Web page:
- Associate Professor
- Texas A&M University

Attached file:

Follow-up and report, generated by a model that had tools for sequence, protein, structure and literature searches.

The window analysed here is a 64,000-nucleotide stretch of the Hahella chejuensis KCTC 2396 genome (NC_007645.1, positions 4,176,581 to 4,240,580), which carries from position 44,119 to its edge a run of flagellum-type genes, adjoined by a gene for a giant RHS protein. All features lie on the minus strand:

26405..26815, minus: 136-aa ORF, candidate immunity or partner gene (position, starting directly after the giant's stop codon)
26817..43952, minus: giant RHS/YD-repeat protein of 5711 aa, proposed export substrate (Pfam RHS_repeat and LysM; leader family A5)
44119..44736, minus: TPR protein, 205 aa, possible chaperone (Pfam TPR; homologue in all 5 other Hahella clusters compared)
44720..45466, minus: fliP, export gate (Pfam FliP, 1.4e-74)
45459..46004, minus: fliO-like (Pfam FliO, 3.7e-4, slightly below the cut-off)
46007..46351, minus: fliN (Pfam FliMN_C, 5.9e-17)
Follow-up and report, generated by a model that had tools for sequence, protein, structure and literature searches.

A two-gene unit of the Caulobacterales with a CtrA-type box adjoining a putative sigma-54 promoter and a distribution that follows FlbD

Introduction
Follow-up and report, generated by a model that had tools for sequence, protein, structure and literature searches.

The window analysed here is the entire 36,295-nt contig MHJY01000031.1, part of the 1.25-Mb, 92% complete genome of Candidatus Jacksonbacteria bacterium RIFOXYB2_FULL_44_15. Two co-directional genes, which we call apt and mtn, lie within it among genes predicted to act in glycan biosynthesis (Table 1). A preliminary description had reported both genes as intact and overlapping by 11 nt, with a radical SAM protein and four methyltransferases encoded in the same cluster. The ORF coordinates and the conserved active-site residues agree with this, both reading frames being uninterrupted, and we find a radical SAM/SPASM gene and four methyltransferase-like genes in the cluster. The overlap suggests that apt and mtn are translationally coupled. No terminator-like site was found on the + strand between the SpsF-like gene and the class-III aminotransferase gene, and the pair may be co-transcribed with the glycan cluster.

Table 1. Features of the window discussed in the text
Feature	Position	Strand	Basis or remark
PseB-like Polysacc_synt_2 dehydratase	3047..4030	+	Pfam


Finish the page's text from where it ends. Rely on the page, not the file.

Following the War of 1898, the United States took possession of new island territories. In a series of decisions known as the Insular Cases, the Supreme Court ruled that the US Constitution did not apply fully in “unincorporated” territories like Puerto Rico, Guam, and the Philippines. Territorial inhabitants were subject to US rule, yet lacked the full constitutional rights that stateside citizens possessed. This project examines how the precedent set by the Insular Cases substantially affected the lives of people in the US territories over the course of the twentieth century. Territorial residents responded to the Insular Cases in different ways: some challenged their second-class status in court and on the streets, while others appropriated the cases to advance their own political agendas. This project sheds light on how law serves as an important facet of both governance and resistance in the US empire.